Thu, Feb 09, 2023 @ 12:53 GMT
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Canadian Core Inflation Likely Grew Again in September

Canadian inflation will dominate the data calendar next week. The backward-looking September CPI numbers should confirm that current price pressures are still too high and broadly based to take the Bank of Canada off its rate hiking path. The central bank’s business and consumer outlook surveys will also be scrutinized for any changes in future inflation expectations.

Headline inflation readings have been declining since early summer as gasoline and oil prices retrench. We expect the rate to tick lower again, to 7% in September. But measures of ‘core’ inflation (measures designed to provide a better gauge of underlying inflation pressures) were likely stickier. We expect year-over-year price growth excluding food and energy products increased in September and the Bank of Canada’s preferred ‘median’ and ‘trim’ core CPI measures are not expected to repeat the small dip in August. That contrast between ‘headline’ and ‘core’ inflation measures will persist in the near-term as resurgent consumer demand for services, especially those that are travel and leisure related, prop up price pressure even as goods inflation eases. Indeed, core inflation isn’t likely to meaningfully slow until December.

Also on deck for next week is the Bank of Canada’s Business Outlook Survey and accompanying Canadian Survey on Consumer Expectations. Changes to inflation expectations are at least as important to watch as actual inflation data as we look for hints on how much further the central bank will go with interest rate hikes. Evidence that high inflation rates were creeping into longer-run businesses’ inflation expectations were a key reason behind the central bank’s decision to go with an outsized 100 basis point hike in July and follow that up with another 75 bp September hike. Those longer-run price expectations likely ticked lower in the latest update. Indeed, separate surveys from the Canadian Federation of Independent Businesses suggest that wage and price plans already peaked earlier this summer.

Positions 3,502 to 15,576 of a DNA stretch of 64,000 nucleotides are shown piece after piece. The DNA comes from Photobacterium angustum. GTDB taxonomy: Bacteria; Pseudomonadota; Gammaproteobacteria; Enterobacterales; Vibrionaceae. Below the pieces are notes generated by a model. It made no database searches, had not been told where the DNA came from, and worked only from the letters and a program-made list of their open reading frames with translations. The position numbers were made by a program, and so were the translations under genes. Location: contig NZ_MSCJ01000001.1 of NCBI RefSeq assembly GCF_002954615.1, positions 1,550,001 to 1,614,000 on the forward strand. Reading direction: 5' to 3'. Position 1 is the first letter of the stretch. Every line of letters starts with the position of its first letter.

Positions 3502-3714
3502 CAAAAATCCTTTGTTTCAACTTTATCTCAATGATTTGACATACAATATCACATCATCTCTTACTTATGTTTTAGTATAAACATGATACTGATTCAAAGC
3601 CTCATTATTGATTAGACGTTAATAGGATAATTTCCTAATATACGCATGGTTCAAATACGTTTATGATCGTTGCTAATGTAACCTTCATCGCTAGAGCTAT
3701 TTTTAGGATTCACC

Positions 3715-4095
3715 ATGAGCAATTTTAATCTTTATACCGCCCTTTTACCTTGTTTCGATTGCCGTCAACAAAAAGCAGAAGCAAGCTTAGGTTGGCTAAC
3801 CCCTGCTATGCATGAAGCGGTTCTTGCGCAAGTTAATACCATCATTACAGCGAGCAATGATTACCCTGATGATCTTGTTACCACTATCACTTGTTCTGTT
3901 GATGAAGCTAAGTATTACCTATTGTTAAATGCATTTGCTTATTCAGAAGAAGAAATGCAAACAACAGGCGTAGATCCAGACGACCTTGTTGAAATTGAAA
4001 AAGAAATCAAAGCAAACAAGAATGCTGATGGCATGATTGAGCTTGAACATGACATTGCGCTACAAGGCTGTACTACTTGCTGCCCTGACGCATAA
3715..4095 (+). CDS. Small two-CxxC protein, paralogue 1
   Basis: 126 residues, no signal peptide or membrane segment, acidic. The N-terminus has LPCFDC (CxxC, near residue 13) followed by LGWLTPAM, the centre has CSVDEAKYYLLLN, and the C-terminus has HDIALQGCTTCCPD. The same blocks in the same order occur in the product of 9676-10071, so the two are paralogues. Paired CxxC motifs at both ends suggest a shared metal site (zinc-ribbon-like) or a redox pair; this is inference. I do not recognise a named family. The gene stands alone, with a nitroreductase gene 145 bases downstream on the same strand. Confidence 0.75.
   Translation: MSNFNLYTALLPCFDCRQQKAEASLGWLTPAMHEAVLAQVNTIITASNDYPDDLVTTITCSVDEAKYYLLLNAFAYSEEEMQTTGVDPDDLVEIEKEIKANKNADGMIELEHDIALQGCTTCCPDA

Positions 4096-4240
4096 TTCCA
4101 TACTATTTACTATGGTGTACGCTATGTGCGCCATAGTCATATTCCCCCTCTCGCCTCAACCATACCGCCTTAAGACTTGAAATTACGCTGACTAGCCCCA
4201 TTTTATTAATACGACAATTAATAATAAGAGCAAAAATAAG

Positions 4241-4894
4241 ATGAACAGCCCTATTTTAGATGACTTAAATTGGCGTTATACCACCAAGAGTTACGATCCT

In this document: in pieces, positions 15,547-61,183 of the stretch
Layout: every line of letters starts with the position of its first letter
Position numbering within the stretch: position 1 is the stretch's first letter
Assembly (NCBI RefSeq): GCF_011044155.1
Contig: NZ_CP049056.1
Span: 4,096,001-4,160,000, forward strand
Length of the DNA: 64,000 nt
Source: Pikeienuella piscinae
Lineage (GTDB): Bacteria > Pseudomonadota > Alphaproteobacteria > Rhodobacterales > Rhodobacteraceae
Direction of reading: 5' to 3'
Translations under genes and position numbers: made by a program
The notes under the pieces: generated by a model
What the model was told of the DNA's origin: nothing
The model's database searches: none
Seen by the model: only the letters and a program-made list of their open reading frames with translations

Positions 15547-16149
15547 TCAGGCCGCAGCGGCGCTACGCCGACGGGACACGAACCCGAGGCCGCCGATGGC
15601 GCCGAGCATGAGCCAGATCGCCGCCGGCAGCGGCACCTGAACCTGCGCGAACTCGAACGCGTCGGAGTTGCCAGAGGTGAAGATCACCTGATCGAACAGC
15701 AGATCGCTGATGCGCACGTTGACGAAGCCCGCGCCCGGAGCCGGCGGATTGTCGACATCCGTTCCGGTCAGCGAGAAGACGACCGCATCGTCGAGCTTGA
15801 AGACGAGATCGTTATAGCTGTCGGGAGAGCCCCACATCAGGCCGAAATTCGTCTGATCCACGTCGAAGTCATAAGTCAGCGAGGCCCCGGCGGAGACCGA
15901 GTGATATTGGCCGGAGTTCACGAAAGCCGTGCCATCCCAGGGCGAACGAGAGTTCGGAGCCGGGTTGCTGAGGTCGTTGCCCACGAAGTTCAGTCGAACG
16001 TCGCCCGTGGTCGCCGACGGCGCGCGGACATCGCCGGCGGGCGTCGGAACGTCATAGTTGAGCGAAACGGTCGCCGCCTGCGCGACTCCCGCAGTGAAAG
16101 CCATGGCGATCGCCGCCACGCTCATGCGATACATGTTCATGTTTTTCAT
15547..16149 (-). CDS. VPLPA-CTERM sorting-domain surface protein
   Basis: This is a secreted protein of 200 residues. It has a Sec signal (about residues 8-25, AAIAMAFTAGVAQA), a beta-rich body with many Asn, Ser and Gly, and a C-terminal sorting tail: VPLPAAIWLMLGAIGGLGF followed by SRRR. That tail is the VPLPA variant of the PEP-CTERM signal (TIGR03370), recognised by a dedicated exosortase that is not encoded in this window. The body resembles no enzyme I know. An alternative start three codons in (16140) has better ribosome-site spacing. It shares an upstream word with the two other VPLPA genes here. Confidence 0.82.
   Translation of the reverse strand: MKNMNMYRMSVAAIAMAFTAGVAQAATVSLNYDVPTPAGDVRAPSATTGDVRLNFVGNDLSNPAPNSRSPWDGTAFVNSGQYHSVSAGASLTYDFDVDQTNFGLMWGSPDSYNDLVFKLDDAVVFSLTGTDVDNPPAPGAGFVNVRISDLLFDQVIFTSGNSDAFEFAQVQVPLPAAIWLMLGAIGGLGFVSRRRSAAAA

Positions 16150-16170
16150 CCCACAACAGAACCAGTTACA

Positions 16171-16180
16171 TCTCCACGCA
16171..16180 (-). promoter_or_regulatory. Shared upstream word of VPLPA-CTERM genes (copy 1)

Upon a gloomier economic outlook for 2023, we also expect business hiring and investment plans to ease from very high levels in earlier quarters. But that won’t be enough to prevent further aggressive rate hikes. Our base case expectation is for another 50 basis point increase in the overnight rate later this month and for the terminal rate to reach 4% by end of year. Upside surprises next week, either from little improvements in inflation expectations or a worsening reading in the actual CPI, risk tilting that to a bigger 75 basis point increase.

Week ahead data watch:

We don’t expect August retail sales to deviate significantly from StatCan’s preliminary estimate of a 0.4% month over month increase. Actual sales volume was likely stronger than that, given offsets from lower prices at gas stations during the month. Sales in September however are expected to flatten out a bit more, according to data from our own debit and credit spending tracker.

Next week’s housing starts data is expected to show another increase, to 284,000 (annualized) in September following near-term strength in building permit issuance.

RBC Financial Group
RBC Financial Group
The statements and statistics contained herein have been prepared by the Economics Department of RBC Financial Group based on information from sources considered to be reliable. We make no representation or warranty, express or implied, as to its accuracy or completeness. This report is for the information of investors and business persons and does not constitute an offer to sell or a solicitation to buy securities.

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